Robert avidly read adventure stories; worked at keeping fit, on his own rather than in team sports. He observed and noted his father's frugal and creative idiosyncrasies which allowed him to support a large growing family on a modest income. Such resourcefulness proved invaluable to Robert later in life.
By thirteen he dreamed of going to sea. This ambition thwarted by his parents, he took his first job in a shipping office. The insecure operation, rarely if ever solvent, eventually failed. Robert showed up for work one morning to find the office furniture and files gone and his employer nowhere to be found!
After discussing the experience with his father and mulling it over, Robert decided to follow in Dad's footsteps and he accepted engagement at the Stobcross suburban branch of the Commercial Bank of Scotland. You may imagine his father's pride, but for Robert the move rested on pragmatic and mercenary motives; banks had money and he would receive his pay regularly and attain respectability to boot!
At the bank from 9:30 in the morning to 4:00 in the afternoon, he now had time at home to write and added to his modest twenty pounds a year bank salary by selling his verses. He also continued reading, even while walking to and fro or any time that he noticed the accountant's eyes focusing elsewhere. He read the English poets Browning, Tennyson, Thackerey and Keats.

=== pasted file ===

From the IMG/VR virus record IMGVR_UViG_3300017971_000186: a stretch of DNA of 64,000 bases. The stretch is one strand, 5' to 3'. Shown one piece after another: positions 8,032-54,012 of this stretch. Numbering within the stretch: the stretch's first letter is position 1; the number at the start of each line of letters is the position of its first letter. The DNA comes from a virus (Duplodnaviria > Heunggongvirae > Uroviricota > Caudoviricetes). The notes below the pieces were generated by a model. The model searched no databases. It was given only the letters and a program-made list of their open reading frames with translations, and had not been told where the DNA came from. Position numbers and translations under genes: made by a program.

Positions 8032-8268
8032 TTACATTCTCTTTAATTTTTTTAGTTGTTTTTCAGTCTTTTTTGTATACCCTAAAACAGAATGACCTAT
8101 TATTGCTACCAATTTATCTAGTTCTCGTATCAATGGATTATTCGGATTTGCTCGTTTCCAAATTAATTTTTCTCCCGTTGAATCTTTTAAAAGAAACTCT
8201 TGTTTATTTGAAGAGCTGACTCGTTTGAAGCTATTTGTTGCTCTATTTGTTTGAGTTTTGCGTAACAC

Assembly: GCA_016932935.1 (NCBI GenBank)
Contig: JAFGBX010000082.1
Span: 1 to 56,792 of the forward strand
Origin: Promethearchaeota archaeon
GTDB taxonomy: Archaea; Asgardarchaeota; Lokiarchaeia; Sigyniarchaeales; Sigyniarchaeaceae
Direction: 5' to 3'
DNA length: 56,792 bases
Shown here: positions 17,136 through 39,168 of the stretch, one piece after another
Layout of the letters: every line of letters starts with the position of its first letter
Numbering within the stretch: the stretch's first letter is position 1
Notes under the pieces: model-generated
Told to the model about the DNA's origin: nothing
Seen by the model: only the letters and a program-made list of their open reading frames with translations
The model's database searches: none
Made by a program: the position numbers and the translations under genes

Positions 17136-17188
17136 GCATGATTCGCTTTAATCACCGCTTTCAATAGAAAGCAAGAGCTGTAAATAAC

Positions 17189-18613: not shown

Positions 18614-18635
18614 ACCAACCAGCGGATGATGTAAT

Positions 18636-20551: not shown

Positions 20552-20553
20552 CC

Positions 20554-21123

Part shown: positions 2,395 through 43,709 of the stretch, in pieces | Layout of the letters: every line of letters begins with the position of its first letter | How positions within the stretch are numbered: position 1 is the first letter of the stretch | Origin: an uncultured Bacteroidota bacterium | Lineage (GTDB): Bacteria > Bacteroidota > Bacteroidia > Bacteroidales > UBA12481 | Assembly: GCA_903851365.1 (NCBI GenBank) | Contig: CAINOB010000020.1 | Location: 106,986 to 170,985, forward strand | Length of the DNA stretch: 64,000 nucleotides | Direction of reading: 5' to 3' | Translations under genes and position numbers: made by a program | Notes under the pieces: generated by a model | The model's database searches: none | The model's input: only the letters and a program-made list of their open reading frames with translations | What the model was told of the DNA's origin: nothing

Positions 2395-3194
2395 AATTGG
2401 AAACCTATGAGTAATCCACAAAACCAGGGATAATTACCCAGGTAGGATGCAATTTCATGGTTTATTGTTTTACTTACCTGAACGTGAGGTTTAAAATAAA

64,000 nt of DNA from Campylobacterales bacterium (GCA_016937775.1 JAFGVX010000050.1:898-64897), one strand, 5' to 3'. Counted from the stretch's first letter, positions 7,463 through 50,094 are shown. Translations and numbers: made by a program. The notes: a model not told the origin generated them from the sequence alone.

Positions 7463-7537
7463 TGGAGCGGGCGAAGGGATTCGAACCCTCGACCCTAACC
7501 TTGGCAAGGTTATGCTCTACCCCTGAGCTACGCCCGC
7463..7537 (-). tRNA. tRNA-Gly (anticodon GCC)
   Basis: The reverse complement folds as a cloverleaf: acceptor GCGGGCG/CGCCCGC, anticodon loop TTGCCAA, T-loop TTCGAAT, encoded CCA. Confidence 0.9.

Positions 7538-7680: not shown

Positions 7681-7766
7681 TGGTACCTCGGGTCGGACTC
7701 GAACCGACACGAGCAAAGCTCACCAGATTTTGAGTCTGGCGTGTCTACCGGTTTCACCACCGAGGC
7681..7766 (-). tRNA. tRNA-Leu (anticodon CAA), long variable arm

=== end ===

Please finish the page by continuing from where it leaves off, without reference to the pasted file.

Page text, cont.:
During this period of his life Robert discovered Glasgow's Music Halls; his ear picked up the vernacular, the common speech, he quickly developed a penchant for the ugly over the beautiful and began to see vice as more interesting and much more attractive than virtue. He also dreamed and longed to go on stage himself, the legitimate stage that is!
Elocution lessons led to his reciting poetry, the adolescent dreamer appeared at church hall concerts, in walk-on roles in plays and then a speaking part in a local production of "Rob Roy"
The University of Glasgow beckoned next. Robert took to the formal study of English Language and Literature so well that after Christmas time examinations he stood 4th in a class of 200, most of whom he saw as "poor boobs to be pitied".